Update: After receiving tips from a couple of reader who are clearly older than I am (see comments), I now know that the “lonesome end” was one Fred Carpenter. Carpenter was also an outstanding individual. Here is a link to an excellent 1993 Sports Illustrated article about him.
Last week I got an email from my friend Nancy Burch, who sent along a fabulous picture she had recently found of preparations for the 1958 Homecoming.
Here’s what she had to say: “This was taken in the driveway of my parent’s home on Dryden, where we built the homecoming ‘floats’ for my class all four years. This one, when completed, won first prize in 1958. The theme was ‘Hanging Out the Old Gray Line,” as we played Army that year. We had a clothes line strung between goal posts with the jerseys of Pete Dawkins and other Army star players.”
Naturally, the first thing I wondered was whether we won the game and the second thing I wondered was who Pete Dawkins was. As soon as I got back to the Woodson this morning I looked it up in the Thresher. Rice had a pretty good team in 1958. (You can get a bit of a snapshot of the situation in the Southwest Conference the day before the game by clicking on the Thresher article to the right.) The Owls gave Army, which was ranked third in the nation, a run for their money, losing a tight contest when Army halfback Pete Dawkins scored with under a minute left to play. Army finished the season undefeated. Rice ended up having a mediocre season, losing two of their remaining three SWC games and ending the year at 5-5.
As for Pete Dawkins, he won the Heisman trophy that year. He was also president of his class and first captain of cadets at West Point. Then he spent three years at Oxford on a Rhodes Scholarship and served 24 years in the Army, becoming the then-youngest brigadier general at age 43 in 1981. Somewhere along the way he earned a Ph.D. in public policy from Princeton. After retiring from the military, he had a successful career on Wall Street. There’s a great story about him, written on the occasion of the retiring of his jersey, here at the Army athletics website. You should read it–he’s really an amazing fellow.
So now there’s only one little thing niggling at me, but I have too much to do to look it up right now. In that Thresher piece, they talk about Army’s “lonesome end.” Sounds like some kind of spread offense, maybe. I’ll check it out later, unless someone can tell me what that’s all about.
“Lonesome End” in Google tagged Bill Carpenter. The Sports Illustrated Article on him is very extensive and fascinating. My personal recollection of him comes as a 12 year old boy selling cokes in the upper east stands of Rice Stadium — seeing him not coming into the huddle. Nothing more than that as a personal recollection. I grew up at the corner of Sunset & Hazard and Rice was very much a part of my growing up years. Both parents (Raymond A. Cook & Florence Bryan Cook) were alums; my father was one of 5 brothers who all graduated from Rice (W. Lawrence Cook, Jr., John E. Cook, Frank Cook and Robert L. Cook) None of us 4 siblings went to Rice, but my son Bryan A. Cook (from Albuquerque, NM) graduated with honors, I believe in ’98. I’ve become connected with The Rice History Corner via the daily Rubpa — Rice Update thanks to my connection with Jimmy Disch.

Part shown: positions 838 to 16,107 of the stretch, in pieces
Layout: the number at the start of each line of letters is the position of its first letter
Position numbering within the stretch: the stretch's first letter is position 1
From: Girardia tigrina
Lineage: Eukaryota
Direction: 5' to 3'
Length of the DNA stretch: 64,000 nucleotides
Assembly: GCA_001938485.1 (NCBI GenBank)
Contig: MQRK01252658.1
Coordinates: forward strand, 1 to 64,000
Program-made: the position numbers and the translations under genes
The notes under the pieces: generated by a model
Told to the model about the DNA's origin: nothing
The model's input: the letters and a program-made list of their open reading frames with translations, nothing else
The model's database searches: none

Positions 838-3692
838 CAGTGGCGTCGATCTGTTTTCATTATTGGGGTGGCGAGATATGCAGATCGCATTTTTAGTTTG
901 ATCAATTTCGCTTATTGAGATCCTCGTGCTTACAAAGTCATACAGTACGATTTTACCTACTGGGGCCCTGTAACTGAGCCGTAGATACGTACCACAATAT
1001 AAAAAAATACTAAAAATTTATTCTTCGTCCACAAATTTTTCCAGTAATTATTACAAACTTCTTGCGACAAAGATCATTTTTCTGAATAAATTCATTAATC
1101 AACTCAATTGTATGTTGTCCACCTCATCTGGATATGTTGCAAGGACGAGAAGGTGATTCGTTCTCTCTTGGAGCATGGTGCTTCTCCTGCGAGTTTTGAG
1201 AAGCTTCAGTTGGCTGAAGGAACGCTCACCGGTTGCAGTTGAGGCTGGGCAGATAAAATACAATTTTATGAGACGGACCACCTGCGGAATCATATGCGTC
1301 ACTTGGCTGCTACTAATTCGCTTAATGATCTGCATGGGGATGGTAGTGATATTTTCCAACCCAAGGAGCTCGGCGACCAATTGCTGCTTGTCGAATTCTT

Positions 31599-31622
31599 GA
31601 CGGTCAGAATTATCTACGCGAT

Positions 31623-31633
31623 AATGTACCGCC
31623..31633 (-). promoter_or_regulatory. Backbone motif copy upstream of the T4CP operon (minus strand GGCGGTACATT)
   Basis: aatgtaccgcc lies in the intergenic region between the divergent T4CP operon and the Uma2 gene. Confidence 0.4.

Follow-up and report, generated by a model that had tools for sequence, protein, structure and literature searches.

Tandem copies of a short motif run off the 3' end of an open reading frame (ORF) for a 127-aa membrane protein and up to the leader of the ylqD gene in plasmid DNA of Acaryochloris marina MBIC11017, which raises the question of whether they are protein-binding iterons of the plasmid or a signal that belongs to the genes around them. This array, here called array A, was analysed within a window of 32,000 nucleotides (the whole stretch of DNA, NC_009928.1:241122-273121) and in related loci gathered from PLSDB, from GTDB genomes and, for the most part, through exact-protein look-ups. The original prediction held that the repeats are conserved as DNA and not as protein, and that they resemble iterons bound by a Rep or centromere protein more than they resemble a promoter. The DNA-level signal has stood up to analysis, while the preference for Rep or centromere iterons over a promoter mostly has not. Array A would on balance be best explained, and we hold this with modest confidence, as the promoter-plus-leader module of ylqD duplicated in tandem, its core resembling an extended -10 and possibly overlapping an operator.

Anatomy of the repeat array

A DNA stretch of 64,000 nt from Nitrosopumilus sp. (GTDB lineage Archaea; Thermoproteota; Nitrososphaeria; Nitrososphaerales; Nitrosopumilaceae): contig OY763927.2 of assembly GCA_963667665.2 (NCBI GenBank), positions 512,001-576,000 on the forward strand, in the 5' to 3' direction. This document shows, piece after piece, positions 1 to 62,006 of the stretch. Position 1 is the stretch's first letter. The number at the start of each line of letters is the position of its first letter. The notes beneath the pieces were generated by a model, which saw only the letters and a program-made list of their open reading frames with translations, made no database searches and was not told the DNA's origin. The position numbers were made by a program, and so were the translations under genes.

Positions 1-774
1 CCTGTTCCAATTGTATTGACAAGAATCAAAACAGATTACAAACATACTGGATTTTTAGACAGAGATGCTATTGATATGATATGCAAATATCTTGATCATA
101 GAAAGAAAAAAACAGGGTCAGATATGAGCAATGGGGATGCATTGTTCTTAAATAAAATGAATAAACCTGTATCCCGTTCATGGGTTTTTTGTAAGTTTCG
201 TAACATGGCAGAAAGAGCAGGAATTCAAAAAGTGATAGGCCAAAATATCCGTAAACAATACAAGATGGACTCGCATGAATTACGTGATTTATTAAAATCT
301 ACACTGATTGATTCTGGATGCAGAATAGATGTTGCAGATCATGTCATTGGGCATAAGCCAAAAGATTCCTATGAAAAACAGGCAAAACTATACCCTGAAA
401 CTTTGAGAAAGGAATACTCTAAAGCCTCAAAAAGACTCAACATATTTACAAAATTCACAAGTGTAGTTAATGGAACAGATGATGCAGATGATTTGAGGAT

I’m very happy you’re here and thanks so much for your comments. I’ve been looking through a lot of student scrapbooks recently, and I’ve definitely noticed the name Cook turn up from time to time. I’ll start paying closer attention now that I realize they may be your relatives.
As Lawrence points out Carpenter would not huddle with the rest of the offense when Army had the ball. He would stand out alone on the line of scrimmage “lonesome” and would receive play information by the way in which the QB stood.
Along with the win in 1957 over number one Texas A&M the Army game the next year ranks near the top of my all time favorite Rice games I have seen. Here is a photo of the Stadium on game day.
Here’s a link to view video highlights of this 1958 Rice Homecoming game versus Army (the game discussed above). The newsreel narrator also mentions the “Lonesome End” when describing Carpenter:
Homecoming 1958 – Rice versus Army on CriticalPast
If you are a history buff, you may enjoy viewing this as well as lots of other history nuggets from the 1890’s to 1990’s that we have on CriticalPast. Sorry we have very little Rice footage, but we do have over 57,000 historical videos and 7 million still photos in total.
– Andy Erickson
Jones School ’94
Pingback: Rice vs. Army, 1958: Hanging Out the Long Gray Line | Rice History Corner